Friday, March 6, 2009

Rima, Bipasha, Razigan (I'm in a driveling mode)

Rima, Razigan,Bipasha,
Gory as it might me, it's good that PETA is raising awareness by capturing such inhumane acts on video and playing it on their website. From there on, I started thinking of the acres and acres of land that had to have been dynamited and flattened for manufacturing facilities to produce all these cameras and airplanes and wireless towers and computers. Imagine the lives of the terror-stricken big and small animals trapped in land that's being cleared for our use, for our highways and homes. What fear and pain do the poor creatures undergo? I know of week old puppies pooping out their intestines, frightened by the bursting of fireworks during Deepavalli. Does it become less horrific if an animal gets skinned alive, burned alive, chopped up alive by bulldozers and other machinery than by the bare human hand? How different am I from the woman wearing a fur coat that was torn off a live animal? Hmmm..I think, thinking is a hazardous occupuation for me, for I'm unable to think from any single viewpoint and I have been tying my mind in knots trying to understand our role and responsibility in this world.

Bipasha, a long time ago, in Montreal, a groundhog died under the wheels of my car and I sat on the middle of the street and sobbed and sobbed. A stranger lifted the limp body from my arms and helped me back into my car. At that time, I was sampling meat even though I was raised a vegetarian. I enjoyed the taste of chicken especially when prepared in Indian curry masala style and if the final product bore no resemblance to the live animal. So I was OK with eating an animal as long as long as someone else was doing the killing and its body parts came packaged -- neatly sliced or minced -- on little white trays in supermarkets??? I went back to my vegetarian ways. But, tell me, Bipasha, since I eat vegetables and grain, should that stop me from protesting the destruction of forests and vegetation? Hey, you can be a non-veggie and still fight/plead for the humane treatment of animals. Since you enjoy chicken, raise some at home, give them love and enough space to run about and then kill, eat them if you wish. I honestly don't see anything wrong in people eating meat...we do worse things to the living animal. the ones that end up in slaughterhouses are the lucky ones...the animals that are alive and attached to carts and carriages and hobbled and whipped, probably wish they'd be slaughtered.

Razigan, I'm very much an escapist myself. Besides, I have had my share of life's horrors and I, guiltlessly, wallow in happiness, mostly. But ever since I wrote The Finger Puppet, I see a change in me. For the better, I hope. Some riot, some write. Both useless endeavors, really, because all the great minds and all the great revolutions have done little to bring about any great change in the human. I wholeheartedly agree with your mama about the human being, Rima. By the way, I'm dying of curiosity to see the specially for me post on your blog.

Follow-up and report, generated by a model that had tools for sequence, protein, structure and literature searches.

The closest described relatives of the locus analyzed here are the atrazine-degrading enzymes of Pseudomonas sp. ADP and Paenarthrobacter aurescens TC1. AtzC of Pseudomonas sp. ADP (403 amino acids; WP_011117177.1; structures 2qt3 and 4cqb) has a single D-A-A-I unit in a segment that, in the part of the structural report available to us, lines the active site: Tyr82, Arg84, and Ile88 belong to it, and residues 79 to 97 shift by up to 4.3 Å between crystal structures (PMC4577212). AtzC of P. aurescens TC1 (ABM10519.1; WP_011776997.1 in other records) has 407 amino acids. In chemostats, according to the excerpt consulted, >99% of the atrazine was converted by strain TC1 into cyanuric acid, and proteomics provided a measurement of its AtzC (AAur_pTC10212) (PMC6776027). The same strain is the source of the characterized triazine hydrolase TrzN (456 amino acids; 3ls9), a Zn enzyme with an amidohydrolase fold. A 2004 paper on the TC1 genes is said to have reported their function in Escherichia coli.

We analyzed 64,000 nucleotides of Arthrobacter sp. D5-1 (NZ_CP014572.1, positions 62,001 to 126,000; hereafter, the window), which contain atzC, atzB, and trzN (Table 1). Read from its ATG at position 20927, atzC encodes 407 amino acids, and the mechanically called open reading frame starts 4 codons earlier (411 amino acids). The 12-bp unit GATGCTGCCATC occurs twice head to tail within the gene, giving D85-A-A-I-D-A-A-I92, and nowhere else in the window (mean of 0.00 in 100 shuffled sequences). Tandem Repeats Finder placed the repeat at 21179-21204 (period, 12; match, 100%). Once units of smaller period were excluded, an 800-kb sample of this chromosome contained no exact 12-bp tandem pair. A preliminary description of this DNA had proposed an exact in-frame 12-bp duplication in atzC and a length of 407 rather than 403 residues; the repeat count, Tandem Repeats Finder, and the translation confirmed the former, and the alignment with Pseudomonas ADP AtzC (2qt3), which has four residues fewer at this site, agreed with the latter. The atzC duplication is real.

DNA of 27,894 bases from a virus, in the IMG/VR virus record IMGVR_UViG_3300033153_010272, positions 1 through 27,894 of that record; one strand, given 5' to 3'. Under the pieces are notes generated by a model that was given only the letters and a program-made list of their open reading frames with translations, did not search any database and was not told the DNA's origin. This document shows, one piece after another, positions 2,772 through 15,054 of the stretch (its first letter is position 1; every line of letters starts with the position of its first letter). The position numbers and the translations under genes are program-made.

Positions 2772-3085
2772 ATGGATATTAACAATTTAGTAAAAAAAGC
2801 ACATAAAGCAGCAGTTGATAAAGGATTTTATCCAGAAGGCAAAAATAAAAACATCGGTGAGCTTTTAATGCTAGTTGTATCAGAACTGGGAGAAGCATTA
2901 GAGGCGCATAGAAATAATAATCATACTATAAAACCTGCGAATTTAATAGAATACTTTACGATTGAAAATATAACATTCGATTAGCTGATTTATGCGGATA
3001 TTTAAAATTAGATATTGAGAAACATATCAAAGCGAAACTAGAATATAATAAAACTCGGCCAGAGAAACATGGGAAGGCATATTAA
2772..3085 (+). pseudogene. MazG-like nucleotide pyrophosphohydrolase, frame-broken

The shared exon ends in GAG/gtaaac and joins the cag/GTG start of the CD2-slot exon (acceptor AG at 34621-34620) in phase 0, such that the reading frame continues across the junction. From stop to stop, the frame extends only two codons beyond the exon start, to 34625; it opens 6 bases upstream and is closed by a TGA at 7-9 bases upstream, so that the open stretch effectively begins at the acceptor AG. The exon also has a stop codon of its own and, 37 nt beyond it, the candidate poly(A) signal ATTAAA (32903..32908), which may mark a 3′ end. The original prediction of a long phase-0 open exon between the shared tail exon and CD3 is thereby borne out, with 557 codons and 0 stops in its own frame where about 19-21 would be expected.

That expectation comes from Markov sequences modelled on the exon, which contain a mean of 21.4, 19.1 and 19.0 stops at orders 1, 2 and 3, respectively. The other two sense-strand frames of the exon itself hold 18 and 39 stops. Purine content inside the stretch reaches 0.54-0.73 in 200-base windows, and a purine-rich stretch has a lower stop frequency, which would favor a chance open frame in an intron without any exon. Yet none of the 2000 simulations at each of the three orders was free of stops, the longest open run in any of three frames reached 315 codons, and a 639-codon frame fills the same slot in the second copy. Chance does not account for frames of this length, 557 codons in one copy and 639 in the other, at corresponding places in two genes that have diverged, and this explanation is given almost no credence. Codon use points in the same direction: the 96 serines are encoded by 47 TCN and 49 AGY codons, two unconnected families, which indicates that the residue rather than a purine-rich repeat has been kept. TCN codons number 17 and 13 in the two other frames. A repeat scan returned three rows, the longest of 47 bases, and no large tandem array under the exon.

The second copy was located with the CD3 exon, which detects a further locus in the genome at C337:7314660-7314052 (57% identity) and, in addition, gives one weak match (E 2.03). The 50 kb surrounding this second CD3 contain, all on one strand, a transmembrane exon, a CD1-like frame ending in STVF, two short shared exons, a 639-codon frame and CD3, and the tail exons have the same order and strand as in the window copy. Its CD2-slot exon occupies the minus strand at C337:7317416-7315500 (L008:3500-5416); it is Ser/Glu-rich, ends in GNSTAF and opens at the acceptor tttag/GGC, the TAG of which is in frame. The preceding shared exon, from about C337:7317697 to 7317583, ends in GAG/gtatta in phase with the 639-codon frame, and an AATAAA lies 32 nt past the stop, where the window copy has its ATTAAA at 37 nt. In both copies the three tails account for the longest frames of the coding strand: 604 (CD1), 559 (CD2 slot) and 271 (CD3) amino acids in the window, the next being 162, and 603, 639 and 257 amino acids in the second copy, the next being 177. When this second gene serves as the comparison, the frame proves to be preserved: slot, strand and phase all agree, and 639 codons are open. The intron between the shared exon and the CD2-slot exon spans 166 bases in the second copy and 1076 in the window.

Lovvve, Anu

Thursday, March 5, 2009

Glorious Morning

Just got back from a run with Murphy. And light as my body is when I fly up the stone steps of the apartment complex, remnants of the horror I felt on seeing the PETA video on the fur farms, weigh me down. Normally, anytime I see or hear of something of that nature, I just want to fold up and die or I quickly blot out the terrible things and get back to my clown self. This time, I find myself wanting to do something about it...

OK, got to get some work done, I'll pop up here a bit to stay in touch with you all. I'm absolutely loving the Toshiba Portege. Last evening, I was traipsing about holding it in one hand and I tripped on a coathanger on the floor of my son's apartment, I flung out my arms to steady myself -- without dropping the laptop!!!

Wednesday, March 4, 2009

Bipasha/Comments

Bipasha, I received your multiple comments, many thanks. I have my comment moderator on, so any comment after 2 days (I'm going to change it to perhaps a week) has to be approved by me. Sounds pompous, but if I don't have the moderator setting on, then I'd never know if someone has left a comment on my earlier posts. I hate to miss even a single comment, and I'd feel terrible if I didn't respond or acknowledge. All of your comments are very valuable, especially from those of you I have never seen, because through the black print I can have fun imagining your personality :-)

By the way, I love that. Word of Mouth. How very appropriate for The Finger Puppet! I really was so disheartened that I never got to even see my book on display when I was in India in 2008. I'm so happy to know that 'ardent readers' are discovering the book.

Tuesday, March 3, 2009

Sunday, March 1, 2009

Carnival

So there was a carnival at the Alliance Francaise. As usual, I dug my heels in and refused to go. Beloved Fate came to my aid and injected me with flu symptoms, I was coughing all week, but my husband was determined to drag me out and he pumped me with garlic soup and loaded me in the car. A few swigs of Pepsi at the carnival and I changed into a butterfly, flitting about, talking, laughing, dancing. I had to be plucked off the dance floor and brought home. And I was still dancing. Oh I can get high, so high, without taking a sip of alcohol.

My laptop should be here on Tuesday....the word's lightest and weighing only 2.4 lbs!

lovvve, Anu